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All over America today, students staged walkouts to protest school shootings. Let's hear now from Chicago where students rallied against the wider epidemic of gun violence in their city. NPR's Cheryl Corley has this report.

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French Finance Minister Bruno Le Maire says he's suing Apple and Google. He claims that the tech giants aren't playing fair with French developers and startups. Bruno Le Maire joins us now from Paris to talk about this. Thanks for joining us.

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Today, British Prime Minister Theresa May ordered the expulsion of 23 Russian diplomats from the UK. This is in response to the poisoning of a Russian double agent and his daughter in western England.

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The Senate confirmation hearing for Gina Haspel, President Trump's choice to lead the CIA, hasn't yet been scheduled. But several senators have already expressed reservations because of Haspel's role in the CIA's waterboarding of al-Qaida suspects after the Sept. 11, 2001, terrorist attacks.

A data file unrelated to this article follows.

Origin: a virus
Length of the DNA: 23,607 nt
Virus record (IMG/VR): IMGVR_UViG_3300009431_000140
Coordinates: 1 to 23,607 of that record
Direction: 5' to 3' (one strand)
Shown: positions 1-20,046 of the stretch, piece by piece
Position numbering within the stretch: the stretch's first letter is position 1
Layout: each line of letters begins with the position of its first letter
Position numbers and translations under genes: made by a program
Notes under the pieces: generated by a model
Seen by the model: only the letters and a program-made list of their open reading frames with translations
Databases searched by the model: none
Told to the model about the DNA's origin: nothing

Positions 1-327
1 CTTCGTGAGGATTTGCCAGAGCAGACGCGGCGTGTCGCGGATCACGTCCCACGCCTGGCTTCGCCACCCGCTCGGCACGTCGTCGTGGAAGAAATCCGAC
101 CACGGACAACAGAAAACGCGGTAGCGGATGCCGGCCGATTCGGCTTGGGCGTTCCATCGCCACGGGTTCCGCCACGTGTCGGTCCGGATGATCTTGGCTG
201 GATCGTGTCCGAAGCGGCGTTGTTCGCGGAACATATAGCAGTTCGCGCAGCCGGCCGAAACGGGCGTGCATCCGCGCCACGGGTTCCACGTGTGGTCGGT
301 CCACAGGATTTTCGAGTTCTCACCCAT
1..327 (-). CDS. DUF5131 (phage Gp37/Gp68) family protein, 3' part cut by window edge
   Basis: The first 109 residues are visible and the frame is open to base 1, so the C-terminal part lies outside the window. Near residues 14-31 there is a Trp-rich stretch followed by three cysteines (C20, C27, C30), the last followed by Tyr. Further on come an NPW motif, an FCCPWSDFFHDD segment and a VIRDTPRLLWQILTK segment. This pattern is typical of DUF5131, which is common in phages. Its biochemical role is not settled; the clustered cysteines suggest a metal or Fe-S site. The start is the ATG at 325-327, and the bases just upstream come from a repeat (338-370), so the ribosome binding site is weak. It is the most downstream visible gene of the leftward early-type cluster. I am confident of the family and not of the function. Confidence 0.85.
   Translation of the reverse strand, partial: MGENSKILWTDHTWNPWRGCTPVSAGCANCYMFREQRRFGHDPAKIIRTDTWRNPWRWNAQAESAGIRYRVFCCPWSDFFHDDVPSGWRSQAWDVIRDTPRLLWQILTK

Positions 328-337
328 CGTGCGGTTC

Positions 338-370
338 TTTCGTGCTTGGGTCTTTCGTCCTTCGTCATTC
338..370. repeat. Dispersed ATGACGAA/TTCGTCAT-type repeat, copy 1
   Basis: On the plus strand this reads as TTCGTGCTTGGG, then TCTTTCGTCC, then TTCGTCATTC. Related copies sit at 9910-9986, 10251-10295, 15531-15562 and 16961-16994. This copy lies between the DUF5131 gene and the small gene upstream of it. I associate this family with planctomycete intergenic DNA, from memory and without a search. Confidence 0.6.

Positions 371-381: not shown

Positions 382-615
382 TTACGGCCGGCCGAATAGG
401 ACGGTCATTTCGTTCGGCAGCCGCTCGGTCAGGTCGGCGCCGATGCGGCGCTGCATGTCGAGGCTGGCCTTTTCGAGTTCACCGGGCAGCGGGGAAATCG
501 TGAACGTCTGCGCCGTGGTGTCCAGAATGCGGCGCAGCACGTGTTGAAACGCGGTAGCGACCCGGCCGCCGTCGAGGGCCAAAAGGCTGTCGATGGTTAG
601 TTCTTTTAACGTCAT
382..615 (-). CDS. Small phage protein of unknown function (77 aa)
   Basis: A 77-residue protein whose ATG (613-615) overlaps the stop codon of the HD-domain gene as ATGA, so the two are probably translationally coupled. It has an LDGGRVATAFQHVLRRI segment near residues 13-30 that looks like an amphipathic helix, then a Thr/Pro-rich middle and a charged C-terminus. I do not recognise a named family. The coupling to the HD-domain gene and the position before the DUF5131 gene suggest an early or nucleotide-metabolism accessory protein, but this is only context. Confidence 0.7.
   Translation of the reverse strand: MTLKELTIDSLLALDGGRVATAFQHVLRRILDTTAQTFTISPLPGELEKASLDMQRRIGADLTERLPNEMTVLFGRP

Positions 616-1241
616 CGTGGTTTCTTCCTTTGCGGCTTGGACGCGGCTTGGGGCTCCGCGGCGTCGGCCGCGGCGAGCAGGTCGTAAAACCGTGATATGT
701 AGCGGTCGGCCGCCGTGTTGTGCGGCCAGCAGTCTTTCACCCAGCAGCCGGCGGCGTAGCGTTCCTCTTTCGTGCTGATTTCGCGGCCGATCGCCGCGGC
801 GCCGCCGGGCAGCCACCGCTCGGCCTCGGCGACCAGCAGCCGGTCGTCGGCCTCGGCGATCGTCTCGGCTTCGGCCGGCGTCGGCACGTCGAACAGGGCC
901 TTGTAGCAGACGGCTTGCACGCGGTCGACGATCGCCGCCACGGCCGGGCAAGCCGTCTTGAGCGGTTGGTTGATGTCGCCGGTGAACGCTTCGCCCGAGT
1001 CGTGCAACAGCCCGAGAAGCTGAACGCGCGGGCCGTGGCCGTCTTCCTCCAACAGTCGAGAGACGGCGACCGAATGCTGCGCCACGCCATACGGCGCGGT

Sen. John McCain, the Arizona Republican who was a prisoner of war in Vietnam, posted this tweet Tuesday:

Google will ban advertisements for certain financial products, including cryptocurrencies, the Internet giant announced Wednesday. The move comes amid increased scrutiny of the fast-growing market for digital currencies like bitcoin.

In 2015, when Ariel Pasternak joined Chaia, a seasonal, plant-based taco shop opening in Washington, D.C., she and her colleagues encountered challenges familiar to any restaurateurs — developing a marketing strategy, sourcing fresh ingredients, and ensuring bills were paid on time.

What they did not find in the city's budding food scene was a sense of community.

Updated at 3:58 p.m. ET

President Trump has picked economist and CNBC commentator Larry Kudlow as director of the White House National Economic Council, and Kudlow has accepted the post, the White House said Wednesday.

Kudlow, 70, will replace Gary Cohn, who stepped down after losing a battle against imposing tariffs on steel and aluminum imports.

It started with a GoFundMe campaign. Three months ago, 14-year-old Taylor Richardson created a donation page to raise money to send girls to see the movie A Wrinkle in Time.